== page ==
Undertones of racist double standards could be seen in the negative response to Rihanna’s video, compared to white musicians who’ve sung about taking revenge on violent men, such as country group The Dixie Chicks in their song ‘Goodbye Earl’, which doesn’t express the complexity of regret and moral uncertainty of ‘Man Down’.  The Crunk Feminist Collective blogged in response to the backlash to the video:

Somehow, I do not believe the outrage would be comparable if this were a white woman, although this rampant rape culture shows its white victims no love either. Yes, Rihanna may simply be a good celebrity target, but it is utterly disturbing the manner in which any portraits that offer complicated, three dimensional representations of Black women are now unceremoniously banned from the air. These days, Black women and our experiences of rape and sexual violence are forced into invisibility when they don’t fit mainstream, pristine narratives of how to cope. Whether it be Rihanna’s teenaged fans, immigrants working as hotel maids all over this country, eleven year old Latina girls in Texas, or the Black girl next door to you,  women of color are deemed deviant even for voicing our narratives of rape and sexual assault, especially when our stories insinuate that we are morally complex human beings. That is unfortunate, dangerous, and frankly infuriating.

If the problem is the video rather than the song, then what’s the ‘right’ way to depict violence against women on screen?  Growing up in the 1990s, Thelma and Louise was practically compulsory viewing at our fourteen-year-old movie nights, for its mixture of testament to female friendship and the promise of a near-naked Brad Pitt – but the ‘revenge on the rapist’ narrative is similar to Rihanna’s supposedly gratuitous video.  Is ‘Man Down’ more shocking than Thelma and Louise because Thelma and Louise at least contained a message of female solidarity, whereas Rihanna in ‘Man Down’ is very much alone and desolate, “about to leave town”, a lone criminal? Is the Tina Turner biopic What’s Love Got To Do With It? more appropriate than Rihanna’s ‘Man Down’ because it presents a triumph-over-adversity story in the face of male violence against women, instead of a sense of obliteration of self?

The narrative comparison between ‘Man Down’ and Gaspar Noé’s 2002 film Irréversible is striking: with the chronology broken, the sexual assault – in Irréversible, the single scene lasting ten minutes – is placed towards the end of the film.   Noé’s film was widely criticised for its unrelentingly brutal scenes, again raising the question of why we condemn graphic depictions of sexual violence, but not ‘palatable’ depictions of what is always a dehumanising act.  Also in 2002 – before the days of Rihanna and the Pussycat Dolls – Britney Spears starred in Crossroads, a “comedy drama” in which “three childhood best friends, and a guy they just met, take a trip across the country, finding themselves and their friendship in the process.”  Ostensibly travelling across the country after they graduate from high school in order to find the Britney Spears character’s long-lost mother (if you can’t be an orphan, being a daughter with only a kindly, over-protective father seems to suffice to indicate your good-girl innocence in American teen movies), the plot of Crossroads actually rested in large part on the frankly horrifying scenario that the boyfriend of one of the three friends had raped the other friend, Mimi, and this is why Mimi is now pregnant – in the confrontation that ensues when this information is revealed, Mimi falls down a flight of stairs and suffers a miscarriage. The film was rated PG-13 for sexual content and “brief teen drinking”.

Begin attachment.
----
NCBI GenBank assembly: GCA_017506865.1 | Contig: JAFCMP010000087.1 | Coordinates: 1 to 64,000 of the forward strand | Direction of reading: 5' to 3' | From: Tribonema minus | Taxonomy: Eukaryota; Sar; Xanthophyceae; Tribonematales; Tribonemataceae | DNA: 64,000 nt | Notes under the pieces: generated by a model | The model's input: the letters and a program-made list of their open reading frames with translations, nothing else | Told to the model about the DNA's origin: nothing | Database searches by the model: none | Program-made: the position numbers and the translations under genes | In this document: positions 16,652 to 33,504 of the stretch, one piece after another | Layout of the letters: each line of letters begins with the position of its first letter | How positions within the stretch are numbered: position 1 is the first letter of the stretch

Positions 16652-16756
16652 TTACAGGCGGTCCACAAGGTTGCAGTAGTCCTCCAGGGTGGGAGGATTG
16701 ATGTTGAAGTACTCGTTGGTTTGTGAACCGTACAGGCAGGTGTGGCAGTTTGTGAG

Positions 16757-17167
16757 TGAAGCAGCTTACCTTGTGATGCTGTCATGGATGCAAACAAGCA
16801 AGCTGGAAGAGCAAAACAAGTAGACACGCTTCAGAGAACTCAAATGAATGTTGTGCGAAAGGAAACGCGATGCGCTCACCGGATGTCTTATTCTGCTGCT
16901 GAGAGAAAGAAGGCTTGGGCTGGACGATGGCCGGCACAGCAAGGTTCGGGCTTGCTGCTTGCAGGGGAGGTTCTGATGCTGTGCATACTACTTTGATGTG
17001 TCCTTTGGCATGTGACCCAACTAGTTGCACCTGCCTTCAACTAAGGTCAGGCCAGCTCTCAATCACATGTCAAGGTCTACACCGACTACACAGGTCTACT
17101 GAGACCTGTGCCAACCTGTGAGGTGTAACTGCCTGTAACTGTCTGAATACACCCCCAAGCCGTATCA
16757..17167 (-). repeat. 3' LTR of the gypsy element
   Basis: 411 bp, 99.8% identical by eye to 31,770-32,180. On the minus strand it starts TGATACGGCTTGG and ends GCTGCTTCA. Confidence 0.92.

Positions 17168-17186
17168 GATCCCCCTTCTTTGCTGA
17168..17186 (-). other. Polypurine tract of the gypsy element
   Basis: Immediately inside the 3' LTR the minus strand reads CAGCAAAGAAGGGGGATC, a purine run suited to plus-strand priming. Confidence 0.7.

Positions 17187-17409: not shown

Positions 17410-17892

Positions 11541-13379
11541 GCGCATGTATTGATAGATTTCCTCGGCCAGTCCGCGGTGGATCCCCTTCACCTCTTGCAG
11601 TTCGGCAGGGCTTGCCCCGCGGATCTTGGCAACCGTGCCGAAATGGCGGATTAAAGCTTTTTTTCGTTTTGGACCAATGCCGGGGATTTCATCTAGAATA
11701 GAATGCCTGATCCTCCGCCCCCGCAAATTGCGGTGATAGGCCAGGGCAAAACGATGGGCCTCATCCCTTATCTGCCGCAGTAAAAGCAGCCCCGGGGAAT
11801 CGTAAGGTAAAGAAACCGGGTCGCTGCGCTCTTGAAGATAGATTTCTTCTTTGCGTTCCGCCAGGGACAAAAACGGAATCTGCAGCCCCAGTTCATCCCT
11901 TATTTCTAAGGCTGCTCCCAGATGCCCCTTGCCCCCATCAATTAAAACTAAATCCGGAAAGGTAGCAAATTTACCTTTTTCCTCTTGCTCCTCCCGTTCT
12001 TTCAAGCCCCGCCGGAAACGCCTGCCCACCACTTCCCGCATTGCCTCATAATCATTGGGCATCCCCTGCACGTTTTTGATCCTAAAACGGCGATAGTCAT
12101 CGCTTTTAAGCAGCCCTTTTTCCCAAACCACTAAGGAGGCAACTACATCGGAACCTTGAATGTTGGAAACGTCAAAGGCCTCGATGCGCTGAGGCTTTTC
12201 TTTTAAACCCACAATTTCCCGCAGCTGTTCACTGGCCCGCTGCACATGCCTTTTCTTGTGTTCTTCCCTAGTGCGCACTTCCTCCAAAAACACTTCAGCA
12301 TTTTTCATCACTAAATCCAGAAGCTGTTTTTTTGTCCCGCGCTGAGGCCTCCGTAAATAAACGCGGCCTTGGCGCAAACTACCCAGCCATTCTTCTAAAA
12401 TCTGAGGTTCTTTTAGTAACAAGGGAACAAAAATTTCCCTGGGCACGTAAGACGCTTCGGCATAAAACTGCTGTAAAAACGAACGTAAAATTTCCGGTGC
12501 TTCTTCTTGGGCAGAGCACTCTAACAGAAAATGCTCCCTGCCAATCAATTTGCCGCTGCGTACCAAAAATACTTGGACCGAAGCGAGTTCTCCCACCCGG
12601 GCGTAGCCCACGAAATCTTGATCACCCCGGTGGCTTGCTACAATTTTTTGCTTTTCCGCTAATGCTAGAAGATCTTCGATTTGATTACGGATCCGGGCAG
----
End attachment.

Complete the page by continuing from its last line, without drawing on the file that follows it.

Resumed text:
Surely the apparent lightness with which the subject of rape was treated in the “comedy drama” Crossroads should shock us more than Rihanna’s expression of an extreme response to an extreme situation?  This isn’t to advocate graphic depictions of sexual violence or brutal ‘revenge on the rapist’ narratives such as I Spit On Your Grave, which are clearly open to the criticism of glorifying violence. But rather, as the Crunk Feminist Collective wrote on the news that Rihanna is considering re-shooting the ‘Man Down’ video, perhaps “we would be interested as a society in pursuing actual alternative endings for young women that don’t involve rape and brutalization in the first place, rather than creating “nicer,” “more palatable” endings in video land.”

Finally, it’s worth contrasting ‘Man Down’ with Beyoncé’s latest single, ‘Run The World (Girls)’, which produced this fantastic response by NineteenPercent, outlining how Beyoncé’s declaration that girls “run the world” in 2011 may be a little, well, optimistic.  Beyoncé’s army in the ‘Run The World’ video are presented as kind of “warriors” of sexual empowerment and sexual attractiveness – the weirdly Arabian Night-ish clothes and riot police shields presumably hinting at some exciting, dangerous revolution that will occur (of course) somewhere else, somewhere quote-unquote “exotic”.  The strange, sanitised riot-chic aside, there’s nothing so objectionable about the song – just that it’s about as far from ‘revolutionary’ as it’s possible to be; even the beat seems stolen straight from MIA circa 2007.  With Rihanna’s ‘Man Down’ and Beyoncé’s ‘Run The World (Girls)’ released within weeks of each other – and with countless generic violence-glorifying and women-objectifying singles maintaining their dominance of music video channels – why would Rihanna’s be chosen as a symbol that violence and sexualisation in media has suddenly “gone too far”?  Could it be that what makes people uncomfortable isn’t violence, or graphic sexual images, but simply a woman finally answering back on her own terms?

Piece originally published at Our Kingdom | 

About the Author:

Heather McRobie has a Masters in Human Rights and Democracy from the University of Bologna and University of Sarajevo. She is currently completing her second novel. Her research at Oxford focuses on transitional justice and ethno-nationalism in post-Dayton Bosnia and Herzegovina.